While the story arc itself had its problems and the series as a whole did have its flaws (overuse of the Ferengi as comic relief, a very weak seventh season with a rushed finish, poor to non-existent exit strategy for the Dominion War story arc, etc), I think the Dominion War worked overall and helped define Deep Space Nine as a series, for better or worse.
By contrast, the Xindi storyline in Enterprise was a good idea that was not as well executed as the Dominion War… but that describes many of the ideas Berman & Braga have come up with over the years. To begin with, the concept itself was really a clone of the Dominion War done to drive up Enterprise’s lackluster Nielson ratings. Created as a prequel by Rick Berman & Brannon Braga (both of whom had lost their touch by then, in my not-so-humble opinion), Enterprise wasn’t doing very well as a series. This was largely due to poor stories that either lacked internal continuity (on an episode-by-episode basis) or pissed all over established continuity for either the series or the franchise (by either introducing certain concepts from TNG way too soon in the timeline or by introducing potentially major threats to Earth in one episode, then completely ignoring them and the story-telling opportunities they could have raised in later episodes by never mentioning them again and zooming off to some other would-be threat). Remembering the brief viewer increase caused by the Dominion War in DS9, Berman & Braga decided to bring their own war into Enterprise with the Xindi.
While that might have been a good idea, the concept suffered problems from the start. To begin with, the entire Xindi arc wasn’t its own story; rather, it was just one season-long subset of a larger conflict that was shown, but never explained in the series: namely, the Temporal Cold War. No real details were ever given as to what the nature of the Temporal Cold War really was (a cold war across time itself, we assume?) or who first started it. We know some of the factions, but not all, nor do we truly understand their motives, beyond the old “Saturday morning cartoon villain” m.o. of “destroy the Federation!” that gets so cliché. Like many concepts from Berman & Braga, it was a great concept poorly executed and given little true depth. We saw precious little of this concept in Enterprise (aside from the occasional Suliban episode or the odd appearance by either “Future Guy” or Daniels, none of whom give nearly enough exposition), and what we did see was rather lackluster. Originally, this concept was expressed through a rather poorly-conceived race called the Suliban (which, guessing by their name, I assume were supposed to be some sort of heavily veiled parody of the Taliban?), though that didn’t quite pan out the way Berman & Braga hoped. With more viewers slipping away, they rushed the Xindi storyline into production.
Again, it began with a great concept: some faction in the Temporal Cold War called the Sphere Builders (really, you couldn’t give them a better name than that?) attempted an invasion of the Federation in the 26th Century, but the Federation repelled them. Instead of retaliating in that era, the Sphere Builders attempted to prevent the founding of the Federation. (As time travel expert M.J. Young would attest to on his website about temporal anomalies, such a notion has its own problems, but Star Trek has always played rather fast and loose with the concept of time travel, anyway.) To do this, they provided the Xindi with trumped-up evidence that the Federation would one day cause the destruction of their homeworld. (So, they’re fighting a war over something that hasn’t happened yet based on evidence “from the future” that could easily be manufactured? We can manufacture war photos using Photoshop right now. What kind of photo/video/hologram-doctoring technology would they have in the 22nd Century? Surely the Xindi thought of that!) This managed to get the Xindi moving in high gear, and they initiated a conflict against humanity – the Federation’s major founding member – by attacking Earth in “The Expanse“, Enterprise’s Season 3 opener. Enterprise gets recalled from its mission of exploration (which, I’m sorry to say, really hadn’t been going very well, as the crew of Enterprise either nearly got their ship destroyed each episode or spent as much time as they could pissing off the Vulcans, who – for whatever reason – were written to be colossal uptight assholes during the series) and assigned to head for a massive area of space called the Delphic Expanse in search of the Xindi’s homeworld. Once there, they would either parlay with the Xindi’s leaders and try for peace, or kick their asses and come back home victorious.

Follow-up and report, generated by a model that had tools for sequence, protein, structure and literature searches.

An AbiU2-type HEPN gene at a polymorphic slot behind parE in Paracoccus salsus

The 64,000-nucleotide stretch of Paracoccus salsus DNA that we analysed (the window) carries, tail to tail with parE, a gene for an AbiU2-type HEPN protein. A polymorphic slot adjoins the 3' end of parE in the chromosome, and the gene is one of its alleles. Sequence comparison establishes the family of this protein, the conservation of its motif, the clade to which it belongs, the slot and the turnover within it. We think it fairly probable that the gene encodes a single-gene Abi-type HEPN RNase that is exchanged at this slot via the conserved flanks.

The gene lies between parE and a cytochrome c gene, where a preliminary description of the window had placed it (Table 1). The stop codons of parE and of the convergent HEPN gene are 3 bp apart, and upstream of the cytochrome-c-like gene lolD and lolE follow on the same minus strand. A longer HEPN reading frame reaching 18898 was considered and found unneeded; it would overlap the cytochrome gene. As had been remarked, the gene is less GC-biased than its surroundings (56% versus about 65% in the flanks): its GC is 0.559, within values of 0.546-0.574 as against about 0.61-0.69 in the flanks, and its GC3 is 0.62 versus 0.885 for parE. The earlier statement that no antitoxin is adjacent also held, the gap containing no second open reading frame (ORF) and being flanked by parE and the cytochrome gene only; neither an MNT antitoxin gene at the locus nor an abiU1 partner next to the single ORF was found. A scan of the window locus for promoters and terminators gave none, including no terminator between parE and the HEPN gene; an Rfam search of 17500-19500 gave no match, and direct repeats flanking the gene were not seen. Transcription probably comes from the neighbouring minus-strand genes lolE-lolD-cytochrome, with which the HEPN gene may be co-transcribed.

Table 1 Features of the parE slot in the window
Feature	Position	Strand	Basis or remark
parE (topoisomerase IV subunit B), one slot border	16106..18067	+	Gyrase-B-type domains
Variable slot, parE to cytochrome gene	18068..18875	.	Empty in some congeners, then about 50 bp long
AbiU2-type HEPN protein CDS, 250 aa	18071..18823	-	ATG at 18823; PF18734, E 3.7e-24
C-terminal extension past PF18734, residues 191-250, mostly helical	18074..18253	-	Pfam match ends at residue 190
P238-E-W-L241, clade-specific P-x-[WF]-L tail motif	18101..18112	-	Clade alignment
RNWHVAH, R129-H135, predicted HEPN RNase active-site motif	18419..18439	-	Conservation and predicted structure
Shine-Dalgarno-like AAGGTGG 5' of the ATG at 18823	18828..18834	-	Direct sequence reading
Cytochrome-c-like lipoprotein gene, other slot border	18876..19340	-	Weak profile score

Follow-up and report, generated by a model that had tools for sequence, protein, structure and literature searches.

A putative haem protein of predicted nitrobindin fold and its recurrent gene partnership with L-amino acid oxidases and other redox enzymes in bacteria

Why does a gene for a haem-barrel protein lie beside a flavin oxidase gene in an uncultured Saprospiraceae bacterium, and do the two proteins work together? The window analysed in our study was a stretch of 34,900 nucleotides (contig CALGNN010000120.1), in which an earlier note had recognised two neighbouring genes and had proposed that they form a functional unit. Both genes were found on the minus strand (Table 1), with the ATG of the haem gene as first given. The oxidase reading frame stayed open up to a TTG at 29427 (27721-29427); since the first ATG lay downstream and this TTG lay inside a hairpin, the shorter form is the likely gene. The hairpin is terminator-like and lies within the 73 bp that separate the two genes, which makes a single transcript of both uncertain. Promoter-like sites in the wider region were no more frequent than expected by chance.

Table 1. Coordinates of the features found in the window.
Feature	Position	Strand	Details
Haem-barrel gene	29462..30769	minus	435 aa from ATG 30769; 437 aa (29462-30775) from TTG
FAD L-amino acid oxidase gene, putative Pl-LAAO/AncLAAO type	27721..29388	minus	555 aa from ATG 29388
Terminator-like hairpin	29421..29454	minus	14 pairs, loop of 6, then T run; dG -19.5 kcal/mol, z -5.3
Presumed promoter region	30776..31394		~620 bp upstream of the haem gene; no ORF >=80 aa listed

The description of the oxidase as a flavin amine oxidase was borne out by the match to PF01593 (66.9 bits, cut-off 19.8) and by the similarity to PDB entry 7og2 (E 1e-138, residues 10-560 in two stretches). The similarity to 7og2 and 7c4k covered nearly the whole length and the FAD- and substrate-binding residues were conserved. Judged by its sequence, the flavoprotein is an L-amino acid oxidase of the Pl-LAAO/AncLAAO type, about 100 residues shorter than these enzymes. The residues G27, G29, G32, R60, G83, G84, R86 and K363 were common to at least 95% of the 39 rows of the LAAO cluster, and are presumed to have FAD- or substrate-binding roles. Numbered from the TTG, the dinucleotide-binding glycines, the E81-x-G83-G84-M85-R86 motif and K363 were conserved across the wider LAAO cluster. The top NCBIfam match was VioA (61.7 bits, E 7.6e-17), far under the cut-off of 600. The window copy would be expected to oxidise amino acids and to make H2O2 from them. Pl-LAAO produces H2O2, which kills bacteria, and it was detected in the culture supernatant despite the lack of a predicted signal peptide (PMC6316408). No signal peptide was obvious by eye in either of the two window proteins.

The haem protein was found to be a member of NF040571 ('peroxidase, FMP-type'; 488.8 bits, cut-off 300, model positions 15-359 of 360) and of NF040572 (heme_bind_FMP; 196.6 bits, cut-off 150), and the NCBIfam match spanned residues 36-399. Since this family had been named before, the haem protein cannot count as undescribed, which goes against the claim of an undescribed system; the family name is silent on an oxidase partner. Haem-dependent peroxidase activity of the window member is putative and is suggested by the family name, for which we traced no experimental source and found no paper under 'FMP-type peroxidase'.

This war lasted all of one season (when has an actual war ever lasted only one year? Hell, Voyager took seven damn years to cross the Delta Quadrant – a feat they only barely accomplished by cheating several times via numerous space/time “shortcuts” – and the NX-01 Enterprise, which is technologically inferior to even the [/i]shuttlecraft[/i] of Kirk’s day, was able to cross this vast expanse of space in one year and return home in less time than that??). Some of the Xindi sided with our heroes; the others said, “Fuck it!” and launched a superweapon at Earth, which our heroes then had to stop in the Season 3 finale “Zero Hour“. Since the producers weren’t quite certain if Enterprise would return for Season 4 or not, they tried to bring all the major plot threads they had woven into the series (what few plot threads they actually bothered with, like the switch from a potential Archer/T’Pol pairing to a much more intriguing T’Pol/Tucker match)… Then they completely threw a giant WTF into it by ending the episode on a shot of an alien in a Nazi uniform. (I kid you not! Click the damn link and see for yourselves already!)